Struggling to justify the costs of health cover? The government tax rebate may help make private health insurance more affordable.
The Australian Government has introduced a private health insurance tax rebate to encourage more Aussies to take out cover and relieve the pressure on the public health system. The initiative has helped make private health cover more affordable and more accessible than ever before.
To take advantage of the private health tax rebate, all you need is to be eligible of Medicare, have health cover that complies and an income that falls beneath the threshold. Understanding these aspects of the rebate could see you saving time, money and avoid potential tax implications while looking after your health.
This may be just the incentive you need to get the best health insurance cover to suit the health needs of you and your family.
Members Own team have created the following easy-to-read guide to help you understand how the private health insurance rebate works. We’ll cover all the information you need to know to establish whether you’re eligible and how you can claim.
If you think you’ve got a pretty good handle on the basics and see the benefit of taking out a health insurance policy, you can always skip ahead and get started with an online quote right now.
The Members Own comparison tool allows you to compare a range of options from 20 not-for-profit health funds in just a few minutes.
Our funds exist solely to give members more benefits and better coverage, while investing a higher percentage of your premiums to improve services and keep you happy. In fact, over one million Australians are already with one of our not-for-profit or mutual funds.
What is the private health rebate and why does it exist?
The private health insurance rebate is an Australian Government initiative designed to help you cover the costs of your premiums. The tax rebate has the potential to make health cover more affordable with the option of the rebate taken as either a tax offset or insurance premium reduction.
With a financial incentive on offer, the government hopes more people will take out private health insurance while relieving pressure on the struggling public health system.
What are the health insurance rebate tiers?
To establish whether you are eligible for the private health insurance tax rebate, the Australian Government has applied an income test. This means the rebate you may be eligible to receive will depend on:
- your annual taxable income
- your age
- the number of dependent children you have
The income thresholds are indexed by the government with the current structure locked in until 30 June 2021. The rebate rates applied are adjusted annually based on the average cost of health insurance premiums and the changes to the cost of living.
The current rebate levels applicable from 1 April 2017 to 31 March 2018 can be seen below. Single parents and couples (including those who are in a defacto relationship) fall under the family thresholds.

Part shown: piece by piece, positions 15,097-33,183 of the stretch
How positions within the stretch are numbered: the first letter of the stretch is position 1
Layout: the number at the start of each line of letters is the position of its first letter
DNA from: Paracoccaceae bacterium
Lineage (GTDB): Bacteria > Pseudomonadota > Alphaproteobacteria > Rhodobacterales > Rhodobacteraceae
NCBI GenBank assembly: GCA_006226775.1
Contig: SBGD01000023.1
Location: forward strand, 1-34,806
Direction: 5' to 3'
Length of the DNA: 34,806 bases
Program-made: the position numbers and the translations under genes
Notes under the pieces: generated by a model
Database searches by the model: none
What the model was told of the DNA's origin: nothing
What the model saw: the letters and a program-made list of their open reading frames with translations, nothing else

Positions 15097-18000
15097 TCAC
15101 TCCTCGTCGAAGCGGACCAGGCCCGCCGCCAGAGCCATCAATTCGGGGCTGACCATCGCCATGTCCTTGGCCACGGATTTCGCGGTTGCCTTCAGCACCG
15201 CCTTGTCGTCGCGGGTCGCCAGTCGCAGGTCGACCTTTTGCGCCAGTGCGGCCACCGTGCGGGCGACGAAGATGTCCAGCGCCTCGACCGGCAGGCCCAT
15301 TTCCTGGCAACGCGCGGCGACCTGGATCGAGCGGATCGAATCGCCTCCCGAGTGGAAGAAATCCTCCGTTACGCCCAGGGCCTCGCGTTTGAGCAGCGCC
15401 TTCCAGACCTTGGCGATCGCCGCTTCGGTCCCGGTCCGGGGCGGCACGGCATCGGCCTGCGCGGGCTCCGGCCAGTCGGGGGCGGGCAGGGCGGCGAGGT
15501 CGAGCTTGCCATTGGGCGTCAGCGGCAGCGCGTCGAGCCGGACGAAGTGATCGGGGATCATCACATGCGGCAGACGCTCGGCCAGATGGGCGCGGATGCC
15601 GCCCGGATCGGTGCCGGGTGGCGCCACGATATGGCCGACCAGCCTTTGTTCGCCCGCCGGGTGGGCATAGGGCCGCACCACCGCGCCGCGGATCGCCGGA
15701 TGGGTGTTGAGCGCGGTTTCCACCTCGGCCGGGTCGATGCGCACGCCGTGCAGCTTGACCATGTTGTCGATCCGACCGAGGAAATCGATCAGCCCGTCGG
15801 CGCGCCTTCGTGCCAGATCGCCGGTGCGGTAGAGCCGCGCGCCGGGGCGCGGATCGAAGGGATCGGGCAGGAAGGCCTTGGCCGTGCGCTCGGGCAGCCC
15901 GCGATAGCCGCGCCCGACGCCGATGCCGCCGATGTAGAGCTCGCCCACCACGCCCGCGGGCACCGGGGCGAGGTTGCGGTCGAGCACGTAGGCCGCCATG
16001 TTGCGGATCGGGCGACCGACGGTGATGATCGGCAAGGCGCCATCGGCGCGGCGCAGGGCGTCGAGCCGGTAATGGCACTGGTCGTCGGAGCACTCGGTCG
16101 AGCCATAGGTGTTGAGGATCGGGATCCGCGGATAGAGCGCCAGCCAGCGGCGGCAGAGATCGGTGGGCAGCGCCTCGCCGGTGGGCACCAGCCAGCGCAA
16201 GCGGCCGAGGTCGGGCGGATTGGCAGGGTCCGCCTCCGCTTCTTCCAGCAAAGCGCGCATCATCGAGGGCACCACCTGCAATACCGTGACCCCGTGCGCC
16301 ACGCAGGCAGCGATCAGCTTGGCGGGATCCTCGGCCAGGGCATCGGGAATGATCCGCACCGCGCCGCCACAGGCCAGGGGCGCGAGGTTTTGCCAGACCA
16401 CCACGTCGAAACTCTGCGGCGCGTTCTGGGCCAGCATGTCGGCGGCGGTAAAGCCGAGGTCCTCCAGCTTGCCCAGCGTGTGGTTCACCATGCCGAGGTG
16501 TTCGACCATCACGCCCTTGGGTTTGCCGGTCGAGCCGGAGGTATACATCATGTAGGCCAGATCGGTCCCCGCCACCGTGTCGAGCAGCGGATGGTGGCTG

Families - $180,000 or less
65 to 69
70 or older
Families - $180,001 to $210,000
65 to 69
70 or older
Families - $210,001 to $280,000
65 to 69
70 or older
What you need to know about the rebate thresholds
There are several things to keep in mind when considering how the private health insurance tax rebate affects you.
It’s not just your annual taxable income that counts
Firstly, your income used to determine the rebate isn’t simply your annual taxable income. It’s the income for the Medicare Levy Surcharge. This includes:
- your taxable income and any fringe benefits
- total net investment losses incurred
- reportable super contributions you make
- any exempt foreign employment income
If you have a spouse, it’s your combined income that will be used to calculate your tax rebate entitlement not just your own.
The number of dependants will affect your rebate
For families with children, the rebate thresholds increase by $1,500 for each dependant child after your first. This means if you have three children, your threshold will increase by $3,000.
Singles and couples fall under the family threshold
Single parents and couples, including those in defacto relationships, will be subjected to the family tiers. The family threshold also applies irrespective of whether each family member is on the same or different policies. For example, if you are yet to combine your health cover with your partners, you’ll still fall under the one family rebate threshold.
Age is determined by the oldest policy member
If you have several members under the one insurance policy, the family’s age is determined by the age of the oldest member. This means you may qualify for a more substantial tax rebate as a family if the oldest person you share a policy with is over the age of 65.
The rebate will apply on a variety of policies
To be eligible for the health insurance tax rebate, you can take out any hospital, extras or ambulance policy from a registered Australian health fund. Or you could combine your cover to include all three under the one policy.
Those who are not eligible
Outside of income and your family circumstance, those who are ineligible for the tax rebate include people who hold an overseas visitor or student cover. Exceptions may be made for those who are from a country that Australia has a Reciprocal Health Care Agreement with.
How do my children affect the rebate?
The term ‘dependent child’ is used to help determine your private health insurance entitlement. This term is defined under the Private Health Insurance Act 2017 as either:
- A person who is under 18 years old;